If you think you may be depressed, it’s important to see a mental health professional for an accurate diagnosis and treatment plan. Depression is a treatable condition, and there are many effective treatments available. These include therapy, medication, and self-care measures.
Cognitive-behavioral therapy (CBT) is a type of therapy that can be particularly effective in treating depression. CBT involves working with a therapist to identify and change negative thinking patterns and behaviors that contribute to depression.
There are also a number of medications that can be used to treat depression. The most common type of medication prescribed for depression is a class of drugs called antidepressants.
Antidepressants work by changing the levels of certain chemicals in the brain, which can help to relieve symptoms of depression. However, it’s important to note that it may take several weeks for antidepressants to begin working.
In addition to therapy and medication, there are also a number of self-care measures that can help to ease symptoms of depression.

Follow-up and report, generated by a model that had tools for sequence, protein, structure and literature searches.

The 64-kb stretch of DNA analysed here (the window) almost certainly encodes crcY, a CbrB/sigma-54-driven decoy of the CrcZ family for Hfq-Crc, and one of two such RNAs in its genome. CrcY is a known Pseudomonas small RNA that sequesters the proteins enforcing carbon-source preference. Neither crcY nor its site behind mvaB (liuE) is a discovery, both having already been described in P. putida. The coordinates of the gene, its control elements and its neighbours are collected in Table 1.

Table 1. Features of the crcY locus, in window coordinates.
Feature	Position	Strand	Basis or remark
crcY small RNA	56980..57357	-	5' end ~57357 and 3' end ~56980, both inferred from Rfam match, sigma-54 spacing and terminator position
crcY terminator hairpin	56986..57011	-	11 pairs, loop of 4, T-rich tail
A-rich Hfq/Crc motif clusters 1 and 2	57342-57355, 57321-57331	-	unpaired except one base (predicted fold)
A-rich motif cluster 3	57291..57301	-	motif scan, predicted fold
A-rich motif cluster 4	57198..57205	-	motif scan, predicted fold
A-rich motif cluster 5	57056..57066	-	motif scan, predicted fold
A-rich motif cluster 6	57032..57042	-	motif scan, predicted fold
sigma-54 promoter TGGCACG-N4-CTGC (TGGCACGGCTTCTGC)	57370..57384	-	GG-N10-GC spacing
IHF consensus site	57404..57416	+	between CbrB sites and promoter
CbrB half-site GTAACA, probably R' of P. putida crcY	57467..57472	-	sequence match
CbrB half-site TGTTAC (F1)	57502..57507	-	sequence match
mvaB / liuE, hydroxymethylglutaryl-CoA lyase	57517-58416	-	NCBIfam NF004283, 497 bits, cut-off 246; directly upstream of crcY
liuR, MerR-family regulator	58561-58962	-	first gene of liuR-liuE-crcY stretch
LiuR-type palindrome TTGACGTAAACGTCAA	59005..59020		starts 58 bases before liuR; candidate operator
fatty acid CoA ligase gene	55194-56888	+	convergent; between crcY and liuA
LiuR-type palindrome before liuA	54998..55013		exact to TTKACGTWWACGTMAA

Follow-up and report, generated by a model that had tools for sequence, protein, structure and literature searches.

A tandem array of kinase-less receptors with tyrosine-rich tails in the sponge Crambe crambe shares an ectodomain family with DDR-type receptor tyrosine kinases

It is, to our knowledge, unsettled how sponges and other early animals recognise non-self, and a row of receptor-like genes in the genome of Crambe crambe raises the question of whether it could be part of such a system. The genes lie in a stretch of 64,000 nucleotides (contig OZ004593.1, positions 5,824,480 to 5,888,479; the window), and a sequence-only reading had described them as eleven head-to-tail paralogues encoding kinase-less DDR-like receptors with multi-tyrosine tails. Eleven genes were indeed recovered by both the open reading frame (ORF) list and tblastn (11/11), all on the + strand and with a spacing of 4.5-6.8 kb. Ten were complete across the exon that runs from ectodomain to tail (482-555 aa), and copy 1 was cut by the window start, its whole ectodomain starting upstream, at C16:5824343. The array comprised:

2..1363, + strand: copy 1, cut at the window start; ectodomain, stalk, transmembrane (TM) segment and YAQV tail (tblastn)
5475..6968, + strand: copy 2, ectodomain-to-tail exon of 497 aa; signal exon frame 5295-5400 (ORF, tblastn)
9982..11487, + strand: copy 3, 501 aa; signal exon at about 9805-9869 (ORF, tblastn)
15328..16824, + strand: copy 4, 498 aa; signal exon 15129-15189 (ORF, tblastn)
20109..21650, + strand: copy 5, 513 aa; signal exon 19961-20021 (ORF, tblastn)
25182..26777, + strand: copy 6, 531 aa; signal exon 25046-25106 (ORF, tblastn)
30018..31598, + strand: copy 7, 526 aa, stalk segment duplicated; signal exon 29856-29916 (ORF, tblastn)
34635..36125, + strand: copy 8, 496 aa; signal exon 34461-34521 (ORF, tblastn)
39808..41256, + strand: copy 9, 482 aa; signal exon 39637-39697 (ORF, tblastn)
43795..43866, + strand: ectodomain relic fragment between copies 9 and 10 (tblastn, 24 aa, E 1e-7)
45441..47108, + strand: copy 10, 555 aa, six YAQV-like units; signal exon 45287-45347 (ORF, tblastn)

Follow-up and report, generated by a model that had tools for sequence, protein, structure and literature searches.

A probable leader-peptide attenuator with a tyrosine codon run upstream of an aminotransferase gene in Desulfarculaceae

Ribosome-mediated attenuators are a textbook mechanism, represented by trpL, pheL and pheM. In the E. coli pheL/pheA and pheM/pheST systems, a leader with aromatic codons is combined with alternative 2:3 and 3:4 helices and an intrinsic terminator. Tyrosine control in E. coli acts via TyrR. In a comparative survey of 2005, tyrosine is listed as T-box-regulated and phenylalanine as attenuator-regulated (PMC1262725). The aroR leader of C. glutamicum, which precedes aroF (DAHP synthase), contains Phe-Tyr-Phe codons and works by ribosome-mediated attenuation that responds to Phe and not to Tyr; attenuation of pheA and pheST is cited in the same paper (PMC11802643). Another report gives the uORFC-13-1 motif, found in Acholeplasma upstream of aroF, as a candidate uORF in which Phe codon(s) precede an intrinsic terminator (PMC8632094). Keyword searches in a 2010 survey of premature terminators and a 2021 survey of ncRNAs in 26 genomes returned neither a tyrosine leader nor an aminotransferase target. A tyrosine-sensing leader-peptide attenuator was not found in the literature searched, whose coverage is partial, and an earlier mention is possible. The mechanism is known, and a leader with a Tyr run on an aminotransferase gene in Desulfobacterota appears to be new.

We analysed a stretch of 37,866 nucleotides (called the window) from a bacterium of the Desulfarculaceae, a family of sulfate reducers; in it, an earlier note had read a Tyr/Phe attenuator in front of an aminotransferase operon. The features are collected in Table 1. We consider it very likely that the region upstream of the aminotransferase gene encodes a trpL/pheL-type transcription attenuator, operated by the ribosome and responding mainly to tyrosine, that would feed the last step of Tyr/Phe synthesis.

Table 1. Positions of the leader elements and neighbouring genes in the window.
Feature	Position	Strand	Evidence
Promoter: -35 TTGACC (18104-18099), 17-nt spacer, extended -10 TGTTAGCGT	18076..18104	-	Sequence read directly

- Exercising regularly
- Eating a healthy diet
- Getting enough sleep
- Practicing relaxation techniques
- Connecting with friends and family
If you think you may be depressed, please get in touch with us. Depression is a serious condition that requires treatment. However, with the right help, it is possible to get back on track toward happiness and fulfillment.
Stengler Center for Integrative Medicine: A Holistic Approach to Mental Health
Anxiety and depression are two of the most common mental health conditions.
They can have a profound impact on your life, making it difficult to function at work or home. While there are many different treatments available, including medication and therapy, some people may also benefit from a holistic approach to treatment.
The Stengler Center for Integrative Medicine offers a unique approach to mental health care. We believe in treating the whole person, not just the symptoms of their condition. Our team of experts will work with you to create a personalized treatment plan that meets your specific needs.
We believe that everyone deserves to receive high-quality mental health care. If you are struggling with anxiety or depression, we encourage you to reach out to us today. We can help you find the treatment and support you need to live a healthy, happy life.
Contact us and make your appointment today!